Gardening in Monticello with Pat Brodowski

Every gardener has a dream garden, a destination he wants to visit. For many market gardeners this place is Monticello. Strolling on the terrace of Thomas Jefferson’s garden and looking south through the orchard and vineyard is a dream come true.

Visitors to Monticello are encouraged to pick and taste the fruit from the vegetable garden. Photo by Bill McChesney

Monticello, where Pat Brodowski was the chief market gardener until recently, has been restored to Thomas Jefferson’s original design for the property. The grounds owe their present splendor to the efforts of modern personnel, as well as to the slaves who laid the foundation and carried out most of the work during Jefferson’s time.

Each year, half a million people walk the Monticello grounds outside of Charlottesville, Virginia. Among them are famous personalities, such as the famous British gardener Monty Don, host of the longtime BBC show “Gardeners’ World”. Guests travel to this National Historic Landmark to see the home of the third President of the United States and to tour the grounds designed by one of the nation’s first horticultural influencers. The Jefferson Plantation spanned 5,000 acres at its peak in the late 1700s and was tended by more than 100 slave laborers. The vegetable and flower gardens, located next to Jefferson’s lavish home, were located on a 1,000-foot-long terrace near the cabins of slave laborers. Jefferson was active in the garden, especially in his later years.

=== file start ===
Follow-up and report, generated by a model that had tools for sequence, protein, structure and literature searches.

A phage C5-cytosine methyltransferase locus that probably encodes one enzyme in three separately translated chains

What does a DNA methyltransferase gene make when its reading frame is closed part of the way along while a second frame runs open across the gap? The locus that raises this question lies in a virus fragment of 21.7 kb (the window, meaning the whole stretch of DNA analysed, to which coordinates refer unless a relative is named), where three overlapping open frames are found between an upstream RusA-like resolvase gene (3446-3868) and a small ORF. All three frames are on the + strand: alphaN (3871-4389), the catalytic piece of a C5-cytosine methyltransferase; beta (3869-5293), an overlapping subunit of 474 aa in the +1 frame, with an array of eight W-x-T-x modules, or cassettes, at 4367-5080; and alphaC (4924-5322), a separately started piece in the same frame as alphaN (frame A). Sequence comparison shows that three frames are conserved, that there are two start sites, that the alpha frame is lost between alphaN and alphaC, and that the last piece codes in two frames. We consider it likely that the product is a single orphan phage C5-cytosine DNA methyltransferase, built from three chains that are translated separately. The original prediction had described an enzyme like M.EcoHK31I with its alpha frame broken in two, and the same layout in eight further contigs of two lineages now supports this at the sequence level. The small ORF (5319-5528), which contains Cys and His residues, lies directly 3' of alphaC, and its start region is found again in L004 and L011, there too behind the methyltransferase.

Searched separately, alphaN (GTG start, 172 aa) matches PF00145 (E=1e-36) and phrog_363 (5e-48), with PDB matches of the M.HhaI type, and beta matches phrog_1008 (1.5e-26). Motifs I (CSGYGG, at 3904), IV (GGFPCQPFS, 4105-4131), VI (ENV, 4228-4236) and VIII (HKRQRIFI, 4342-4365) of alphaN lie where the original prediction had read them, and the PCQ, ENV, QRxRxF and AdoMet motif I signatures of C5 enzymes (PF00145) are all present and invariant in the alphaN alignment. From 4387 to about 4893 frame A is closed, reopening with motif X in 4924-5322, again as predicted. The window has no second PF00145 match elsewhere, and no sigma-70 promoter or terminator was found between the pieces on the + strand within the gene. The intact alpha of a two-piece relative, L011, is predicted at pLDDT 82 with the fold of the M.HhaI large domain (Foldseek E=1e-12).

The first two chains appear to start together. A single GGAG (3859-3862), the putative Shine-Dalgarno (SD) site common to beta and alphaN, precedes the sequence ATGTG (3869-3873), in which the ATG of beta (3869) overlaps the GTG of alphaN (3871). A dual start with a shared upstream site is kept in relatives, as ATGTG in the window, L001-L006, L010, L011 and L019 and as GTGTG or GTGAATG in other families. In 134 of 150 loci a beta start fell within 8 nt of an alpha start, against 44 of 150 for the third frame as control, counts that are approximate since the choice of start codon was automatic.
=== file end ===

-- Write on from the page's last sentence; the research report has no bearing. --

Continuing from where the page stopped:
Monticello’s house is nestled among the flower beds and overlooks the vegetable garden. Photo by Andrew Weidmen

Nowadays, you can find the gardeners of Monticello cultivating the land, hauling compost, setting up poles for beans or tomatoes, sowing trays for successional crops, investigating and repairing deer damage, and Moreover. Brodowski had the duty and honor of looking after the vegetable garden for over a decade, starting in 2009. His morning began by loading tools and plants into a golf cart and checking the garden for any damage. of any kind. The daily checklist was invariably long. “You don’t really have a break,” she said.

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